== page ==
Cincinnati, which failed to adequately replace Johnson and struggled to get after the quarterback last season, was happy to reap the benefits. The Bengals signed Johnson to a four-year, $20 million deal, which will allow them to push pass-rusher Wallace Gilberry back into a situational role. They might very well sign Collins, who remains a free agent. Even better, the Bengals were still awarded third- and fourth-round compensatory picks for originally losing Johnson and Collins. We rarely describe the Bengals as a smart organization, but thanks to some dumb luck, they look pretty clever right now.
4. New England Patriots
Expected Draft Value: 33.9 points (Rank: 32nd)
Actual Draft Value: 42.3 points (Rank: 19th)
Difference: 24.8 percent
Nobody moves up, down, and around the draft board better than Belichick. New England doesn’t own any of its own picks after the fourth round, but it acquired the second pick in the fourth round (the 101th overall selection) from the Buccaneers in the Logan Mankins deal. That pick alone is worth 5.2 points, more than half of the draft capital improvements.
The Patriots also unsurprisingly came away with a key compensatory pick. As a result of losing Aqib Talib to the Broncos, the Patriots picked up the top comp pick available, the 97th overall pick. They replaced him with Darrelle Revis, who didn’t produce a compensatory pick for the Buccaneers because players who are cut, as Revis was last offseason, don’t qualify for free-agent compensation.
And hey, what do you know? They’re going to do it again. Patriots beat writer Doug Kyed pointed out to me that the Patriots structured the deals of their free-agents-to-be in a way that would qualify for draft pick compensation. Because the Patriots technically declined the options of Revis, Brandon Browner, and Vince Wilfork, all three should be eligible for draft pick compensation. Revis’s hefty deal with the Jets will likely qualify the Patriots for another third-round pick.
If the Patriots had structured those deals in a more traditional way, they would have had to release Browner and Wilfork (if not Revis as well), which would have prevented New England from claiming any compensation when those players signed elsewhere. Do you think that was a happy accident?
3. Baltimore Ravens
Expected Draft Value: 37.0 points (Rank: 26th)
Actual Draft Value: 46.5 points (Rank: 14th)
Difference: 25.7 percent
Who could have expected the Ravens to show up here? Like the Patriots, the Ravens have also traded away their post-fourth-round picks, but they made up for it by acquiring a sixth-rounder from the Cowboys2 and adding fourth- and fifth-rounders in the Ngata salary dump. And as usual, they’ll bring in three compensatory picks after losing Arthur Jones, Corey Graham, and Michael Oher last offseason. Next year, it will be Torrey Smith and Pernell McPhee generating meaningful comp picks for Baltimore.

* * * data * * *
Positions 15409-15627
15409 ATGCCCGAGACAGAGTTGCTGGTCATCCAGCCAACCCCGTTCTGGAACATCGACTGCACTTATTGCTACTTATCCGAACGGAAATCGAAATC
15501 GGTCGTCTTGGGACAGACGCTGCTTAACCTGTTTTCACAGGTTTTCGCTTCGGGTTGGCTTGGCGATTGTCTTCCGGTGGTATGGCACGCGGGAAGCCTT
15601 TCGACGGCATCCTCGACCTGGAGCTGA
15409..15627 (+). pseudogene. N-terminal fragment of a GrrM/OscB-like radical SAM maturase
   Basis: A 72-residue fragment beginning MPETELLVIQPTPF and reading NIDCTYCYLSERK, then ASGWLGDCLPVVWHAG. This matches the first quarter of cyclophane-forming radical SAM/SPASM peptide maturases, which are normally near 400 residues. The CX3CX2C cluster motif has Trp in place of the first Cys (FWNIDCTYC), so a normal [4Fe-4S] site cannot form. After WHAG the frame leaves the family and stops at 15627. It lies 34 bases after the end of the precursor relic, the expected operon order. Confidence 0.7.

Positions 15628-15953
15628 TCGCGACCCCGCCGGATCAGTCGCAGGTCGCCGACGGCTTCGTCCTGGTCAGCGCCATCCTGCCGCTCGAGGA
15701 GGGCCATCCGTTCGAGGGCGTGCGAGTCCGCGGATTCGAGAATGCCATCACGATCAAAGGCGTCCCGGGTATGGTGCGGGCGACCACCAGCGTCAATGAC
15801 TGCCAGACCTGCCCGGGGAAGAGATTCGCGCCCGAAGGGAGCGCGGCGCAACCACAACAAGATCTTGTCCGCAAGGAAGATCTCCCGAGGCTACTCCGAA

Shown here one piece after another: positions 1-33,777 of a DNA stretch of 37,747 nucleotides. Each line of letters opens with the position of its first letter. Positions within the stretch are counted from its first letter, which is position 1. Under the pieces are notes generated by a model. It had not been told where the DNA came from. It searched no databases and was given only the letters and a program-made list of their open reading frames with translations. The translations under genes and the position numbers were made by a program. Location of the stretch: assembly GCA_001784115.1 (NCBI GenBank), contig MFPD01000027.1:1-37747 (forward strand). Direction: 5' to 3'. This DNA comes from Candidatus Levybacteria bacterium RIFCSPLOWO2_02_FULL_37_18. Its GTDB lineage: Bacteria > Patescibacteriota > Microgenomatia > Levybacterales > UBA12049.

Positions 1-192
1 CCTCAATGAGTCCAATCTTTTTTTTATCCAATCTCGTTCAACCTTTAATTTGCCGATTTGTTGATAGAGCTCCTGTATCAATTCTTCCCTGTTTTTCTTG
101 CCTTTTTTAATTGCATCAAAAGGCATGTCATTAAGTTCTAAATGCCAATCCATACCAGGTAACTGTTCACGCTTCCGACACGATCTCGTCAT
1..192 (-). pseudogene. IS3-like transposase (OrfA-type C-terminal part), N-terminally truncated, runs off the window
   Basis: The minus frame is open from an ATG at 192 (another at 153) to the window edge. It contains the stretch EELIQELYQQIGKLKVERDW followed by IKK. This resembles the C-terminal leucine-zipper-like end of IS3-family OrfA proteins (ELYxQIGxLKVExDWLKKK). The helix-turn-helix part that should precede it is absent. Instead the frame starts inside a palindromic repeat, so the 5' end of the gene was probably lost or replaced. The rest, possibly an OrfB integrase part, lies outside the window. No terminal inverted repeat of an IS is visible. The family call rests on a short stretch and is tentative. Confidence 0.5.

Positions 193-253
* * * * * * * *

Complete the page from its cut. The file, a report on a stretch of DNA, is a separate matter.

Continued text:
Albeit in a Rolando McClain trade that looks pretty lopsided in the Cowboys’ favor one year later.
2. New Orleans Saints
Expected Draft Value: 46.2 points (Rank: 13rd)
Actual Draft Value: 62.1 points (Rank: Third)
Difference: 34.5 percent
Look back at what the Saints did this offseason and you can see how their plan formed. Sean Payton and Mickey Loomis presided over a wildly disappointing 2014 team that failed to live up to lofty expectations, primarily thanks to the league’s second-worst defense. Given that the Saints were more than $20 million over the salary cap, it was going to be virtually impossible to make wholesale changes.
That is, of course, unless they somehow found a way to acquire a bunch of low-cost, high-upside assets. Those are draft picks, and Loomis got a bunch of them. It cost the Saints a fourth-round pick and a trio of offensive starters in Jimmy Graham, Ben Grubbs, and Kenny Stills, but the Saints came away from their offseason trade spree with the 31st, 78th, and 154th picks in this year’s draft. Even after subtracting the fourth-rounder, those 17.5 points amount to the expected return of a mid-first-round pick. The Saints now have three of the first 50 picks and five of the first 80.
Of course, you can’t just write off trading a weapon like Graham as an easy call. Loomis is the same guy who gave Jairus Byrd an enormous deal and signed Champ Bailey to start at cornerback last offseason, and both of those moves turned out to be mistakes. But if you figure that a team with Payton and Brees can create playmakers on offense a lot more easily than it can on the other side of the football, repositioning its assets toward defense makes a lot of sense. And given that the Saints are all in with Brees over the next two seasons, if they want to make the same sort of defensive leap that led them to the Super Bowl in 2009, it’s going to come from young, cheap talent on defense.
1. Cleveland Browns
Expected Draft Value: 46.6 points (Rank: 12th)
Actual Draft Value: 66.0 points (Rank: First)
Difference: 41.7 percent
And then, most frustratingly, there are the Browns. Their swing in draft capital mostly amounts to those first- and fourth-round picks from the Bills, but does it mean anything? The Browns had two first-rounders in last year’s draft after ripping off the Colts in the Trent Richardson deal, but they turned those picks into Justin Gilbert and Johnny Manziel, who look like colossal failures after disastrous rookie seasons. What’s to say they won’t screw up their two first-rounders in this draft?
That is a real possibility, but it’s also not the point. The Browns may very well be horrific at drafting and/or developing talent. That’s a problem. If the Browns are awful judges of character and talent, the best thing for them isn’t to trade up or keep a high pick. It’s actually to trade down and try to accrue as many picks as possible, if only in the hopes that they’ll stumble onto a winner with the extra selections.
It’s important to separate what the Browns do in terms of valuing draft picks from what they do with the actual picks themselves. For whatever they’re doing when they actually make the picks, the Browns are clearly making smart moves in how they value and swing picks around the league. That’s a good process, even if it results in an ugly outcome.
(Here’s a chart with all 32 teams and how their draft value changed as a result of trades and compensatory picks.)